His brow with patient pain dulcetly sour.
Men stoop'd with awful sweetness on his hand,
And kiss'd it; and collected Virtue smiled,
To think how sovereign her enduring hour.
Following Coleridge's poem, Keats wrote his own sonnet called "To Kosciusko". Keats's version reads:
Good Kosciusko, thy great name alone
Is a full harvest whence to reap high feeling:
It comes upon us like the glorious pealing
Of the wide spheres-an everlasting tone.
And now it tells me, that in the worlds unknown,
The names of heroes, burst from clouds concealing,
And changed to harmonies, for ever stealing
Through cloudless blue, and round each silver throne.
It tells me too, that on a happy day,
When some good spirit walks upon the earth,
Thy name with Alfred's, and the great of yore
Gently commingling, gives tremendous birth
To a loud hymn, that sounds far, far away
To where the great God lives for evermore.
Kosciusko was a hero to Coleridge as a patriot, even though Kosciusko was Polish and many of Coleridge's political heroes were British.Hunt and Keats viewed Kosciusko as a political ideal that was connected to King Alfred, a figure twho was believed to have established English constitutional liberty.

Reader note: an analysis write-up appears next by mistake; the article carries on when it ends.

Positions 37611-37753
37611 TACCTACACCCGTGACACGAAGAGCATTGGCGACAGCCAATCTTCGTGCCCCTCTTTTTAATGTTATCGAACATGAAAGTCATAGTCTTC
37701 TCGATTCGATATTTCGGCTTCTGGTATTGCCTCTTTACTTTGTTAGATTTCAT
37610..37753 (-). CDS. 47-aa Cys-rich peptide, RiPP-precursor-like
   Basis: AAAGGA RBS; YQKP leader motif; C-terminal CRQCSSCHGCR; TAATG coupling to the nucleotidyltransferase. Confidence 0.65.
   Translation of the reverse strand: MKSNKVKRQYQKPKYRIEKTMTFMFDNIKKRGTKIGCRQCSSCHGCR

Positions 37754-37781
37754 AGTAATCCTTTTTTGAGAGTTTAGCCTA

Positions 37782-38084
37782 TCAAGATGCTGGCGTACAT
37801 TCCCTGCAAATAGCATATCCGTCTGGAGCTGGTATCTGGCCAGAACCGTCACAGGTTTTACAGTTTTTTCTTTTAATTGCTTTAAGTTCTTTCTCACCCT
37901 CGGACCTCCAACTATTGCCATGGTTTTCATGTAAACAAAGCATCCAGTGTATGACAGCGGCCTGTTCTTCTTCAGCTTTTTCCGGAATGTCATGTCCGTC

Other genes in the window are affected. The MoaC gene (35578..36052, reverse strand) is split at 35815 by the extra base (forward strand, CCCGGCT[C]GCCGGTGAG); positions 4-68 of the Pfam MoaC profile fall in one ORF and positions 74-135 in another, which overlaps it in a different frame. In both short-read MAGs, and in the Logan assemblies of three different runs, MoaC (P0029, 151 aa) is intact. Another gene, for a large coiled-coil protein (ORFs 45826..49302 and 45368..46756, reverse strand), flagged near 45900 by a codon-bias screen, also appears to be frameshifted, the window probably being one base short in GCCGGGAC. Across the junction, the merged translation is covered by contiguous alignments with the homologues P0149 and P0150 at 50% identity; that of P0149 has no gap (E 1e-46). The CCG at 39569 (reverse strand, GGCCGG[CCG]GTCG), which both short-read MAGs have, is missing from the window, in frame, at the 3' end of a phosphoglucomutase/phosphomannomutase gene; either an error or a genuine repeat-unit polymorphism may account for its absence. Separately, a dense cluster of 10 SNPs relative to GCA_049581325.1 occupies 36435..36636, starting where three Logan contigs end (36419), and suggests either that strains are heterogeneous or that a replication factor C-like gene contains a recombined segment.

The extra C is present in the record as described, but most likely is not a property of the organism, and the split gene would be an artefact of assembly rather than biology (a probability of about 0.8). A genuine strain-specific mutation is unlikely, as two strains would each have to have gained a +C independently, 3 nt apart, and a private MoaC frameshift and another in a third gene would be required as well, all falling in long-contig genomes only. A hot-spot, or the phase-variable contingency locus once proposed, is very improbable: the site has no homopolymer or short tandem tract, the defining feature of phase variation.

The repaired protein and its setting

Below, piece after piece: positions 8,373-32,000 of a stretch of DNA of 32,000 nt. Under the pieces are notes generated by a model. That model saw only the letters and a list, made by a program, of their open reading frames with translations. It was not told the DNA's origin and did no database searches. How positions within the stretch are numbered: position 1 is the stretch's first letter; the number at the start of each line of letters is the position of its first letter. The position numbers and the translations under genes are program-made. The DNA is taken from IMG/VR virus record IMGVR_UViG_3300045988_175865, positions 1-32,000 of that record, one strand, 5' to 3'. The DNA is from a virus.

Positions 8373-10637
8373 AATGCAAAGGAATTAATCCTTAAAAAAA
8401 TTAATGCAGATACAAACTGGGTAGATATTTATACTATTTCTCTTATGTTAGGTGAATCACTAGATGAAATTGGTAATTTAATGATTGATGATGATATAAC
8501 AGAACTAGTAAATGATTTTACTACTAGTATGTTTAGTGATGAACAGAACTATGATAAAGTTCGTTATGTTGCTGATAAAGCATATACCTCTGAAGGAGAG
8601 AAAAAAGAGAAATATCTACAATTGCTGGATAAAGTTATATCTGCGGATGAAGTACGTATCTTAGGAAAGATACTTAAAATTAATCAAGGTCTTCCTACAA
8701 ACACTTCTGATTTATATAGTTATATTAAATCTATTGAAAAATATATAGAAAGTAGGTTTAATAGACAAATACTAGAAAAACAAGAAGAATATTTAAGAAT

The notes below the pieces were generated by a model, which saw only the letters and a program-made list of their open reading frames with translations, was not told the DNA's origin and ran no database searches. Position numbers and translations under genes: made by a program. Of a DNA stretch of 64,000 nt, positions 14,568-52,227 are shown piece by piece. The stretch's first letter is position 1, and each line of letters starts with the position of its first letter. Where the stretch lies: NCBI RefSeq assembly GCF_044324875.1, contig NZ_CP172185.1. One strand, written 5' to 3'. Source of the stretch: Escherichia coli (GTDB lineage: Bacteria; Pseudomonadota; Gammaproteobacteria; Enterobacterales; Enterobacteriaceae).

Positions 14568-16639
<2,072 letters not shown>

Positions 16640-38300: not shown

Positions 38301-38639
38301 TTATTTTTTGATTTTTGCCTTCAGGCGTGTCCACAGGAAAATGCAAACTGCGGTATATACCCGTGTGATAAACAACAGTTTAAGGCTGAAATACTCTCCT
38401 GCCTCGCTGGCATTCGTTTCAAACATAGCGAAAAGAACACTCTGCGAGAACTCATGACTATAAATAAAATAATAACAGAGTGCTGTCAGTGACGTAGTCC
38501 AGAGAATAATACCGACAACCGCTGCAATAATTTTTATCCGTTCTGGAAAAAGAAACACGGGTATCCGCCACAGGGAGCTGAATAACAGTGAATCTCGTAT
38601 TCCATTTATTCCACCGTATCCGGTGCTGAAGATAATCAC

The praise within the poem is similar to how Coleridge praised Fayette; he believed that both were political prisoners who were martyred for their beliefs.Coleridge discussed Kosciusko and the issues surrounding Poland in many of his works, including during a lecture series that Coleridge gave in 1795 and articles within Coleridge's newspaper, Watchman.
The first four lines of Coleridge's poem are related in style to Thomas Campbell's The Pleasures of Hope, with the line "And Freedom shriek'd when Koskiusko fell" in particular. However, Campbell did not come up with the phrasing on his own. Instead, he based his phrasing on an ode by John Dennis with a line that reads, "Fair Liberty shriek'd out aloud, aloud Religion groan'd".